I see the reality of that in how people do or do not comment. We all want to say that community responses don’t matter. At the same time, we would each be quick to say that community support does matter. In groups where we share our work, community support is enacted through likes/hearts and comments. These things “do” matter in terms of how individual artists view their own work and feel about the process of sharing. As artists, we learn to go on and move forward even if we don’t get comments or feedback or find that our work resonates with others. We have to. So it’s a double-edged situation. On one level, feedback and visible reinforcement may seem to not matter; on another level, we still want those signs of support, those symbols that show we are reaching someone or that someone “sees” us.
I am more confident and committed this year to what I am doing. In years past, I might have stopped sharing by now, but this year that won’t happen. (The idea still wriggles through my consciousness now and then though.) I do have support for my work. But I have noticed the shift in Week 3. I have had a few moments where I look ahead and wonder what people are going to be thinking when I reach Week 6 and am (maybe) still posting a ballpoint drawing a day. At the same time, in other communities (like the Sktchy app group), that is exactly what artists do… a portrait a day. You have to keep perspective about what you are doing and how it fits your own goals and processes and maybe shows up differently in some spaces than others.
This year, more so than in other years that I have done ICAD, there are a number of people doing drawings as part of ICAD. There are even a number of people doing portraits. This is fantastic! I remember when I felt like the only person drawing at ICAD. There has definitely been a broadening of approach at ICAD (or maybe a widening of the circle of artists doing ICAD). That is wonderful. And this year, it is fabulous to be doing portraits alongside other artists. Brenda Leonard and Opal Cocke are just two of the artists who are also sharing portraits each day. Each of these artists has her own style, and each of these artists also works with Sktchy. This summer, Brenda has been doing a one-sided portrait party of sorts and painting ICAD group members. Opal has worked through a series of her family members using a collage and paint approach and is now moving on to other people (including my family!). There are others, too, who are focusing on portraits. I see portraits here and there in the ICAD circles, especially at Instagram. I love it!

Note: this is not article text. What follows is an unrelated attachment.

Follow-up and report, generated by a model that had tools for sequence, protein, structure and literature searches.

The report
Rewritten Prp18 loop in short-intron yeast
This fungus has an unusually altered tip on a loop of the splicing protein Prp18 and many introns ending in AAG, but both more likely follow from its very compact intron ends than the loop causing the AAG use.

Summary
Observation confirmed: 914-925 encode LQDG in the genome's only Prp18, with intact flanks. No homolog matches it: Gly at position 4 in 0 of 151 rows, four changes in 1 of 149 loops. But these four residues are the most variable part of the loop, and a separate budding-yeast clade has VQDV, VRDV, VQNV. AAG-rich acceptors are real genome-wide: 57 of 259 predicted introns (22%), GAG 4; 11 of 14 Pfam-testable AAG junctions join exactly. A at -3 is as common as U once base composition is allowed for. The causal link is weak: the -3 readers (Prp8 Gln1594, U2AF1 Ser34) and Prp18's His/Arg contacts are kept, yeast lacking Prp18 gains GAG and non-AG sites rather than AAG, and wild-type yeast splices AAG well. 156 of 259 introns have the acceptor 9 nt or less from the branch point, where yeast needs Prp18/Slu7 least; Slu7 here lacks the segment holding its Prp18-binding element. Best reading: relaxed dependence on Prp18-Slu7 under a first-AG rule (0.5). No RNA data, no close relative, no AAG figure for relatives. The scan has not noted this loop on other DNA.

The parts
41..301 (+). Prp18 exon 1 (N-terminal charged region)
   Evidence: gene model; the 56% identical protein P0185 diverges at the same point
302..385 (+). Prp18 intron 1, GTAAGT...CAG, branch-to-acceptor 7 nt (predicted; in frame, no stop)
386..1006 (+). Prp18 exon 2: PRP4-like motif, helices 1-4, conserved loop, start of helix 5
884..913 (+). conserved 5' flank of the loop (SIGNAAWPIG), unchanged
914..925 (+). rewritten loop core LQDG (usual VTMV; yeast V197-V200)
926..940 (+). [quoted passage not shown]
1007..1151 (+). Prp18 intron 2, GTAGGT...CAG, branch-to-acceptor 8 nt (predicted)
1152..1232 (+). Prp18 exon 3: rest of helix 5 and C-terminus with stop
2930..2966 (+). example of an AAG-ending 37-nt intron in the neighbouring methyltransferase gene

The power to “like”
Supporting other artists is part of the process! Keep that in mind when you scroll groups. Creating and uploading your own daily index card art may be the primary (and concrete) goal of the challenge, but there is (I believe) a level of give-and-take in the challenge that creates the underlying fabric of the challenge and the community.
Take a few minutes each day to scroll through the group at Facebook or Instagram (or both) and comment or click “like” on cards that catch your attention. Clicking “like” doesn’t take a huge commitment. It is easy to do. Have you ever thought about why you view twenty photos specific to a group and maybe only click “like” on one or two? Were there five that you thought were at least “so-so”? What harm does the extra “like” here and there do? What benefit might it have for the artist?
As I do these challenges month to month, and ICAD year to year, I think more and more about how we interact with the work of others and how we use the “option” to “like” or not. At some point, I will talk more about comments… and the power to “like”… about word choice… about all of this. As a participant and as a group moderator (for ICAD) and group facilitator (for Creativity Matters), I am constantly watching and aware of likes and comments. This is a huge can of worms, but I wanted to take a moment and encourage you to be generous with your power to “like.”
Commenting takes more time, and I know it isn’t possible to comment on everything. It can be overwhelming, really, how many cards there are in a huge challenge like ICAD. Use the power to “like” (or emote). When you do comment, know that the few words you leave for an artist can make a big difference in how that artist feels about approaching the “next” card. I have strong thoughts about comments, but with so many cards flying by in this kind of challenge, my own approach has changed out of necessity. More and more often this year, I am leaving simple comments with little (or no) specificity. I do, however, leave comments. Lots of them.
I encourage you to be generous with your support of other artists. It can make a dramatic difference in how a new artists feels about her work.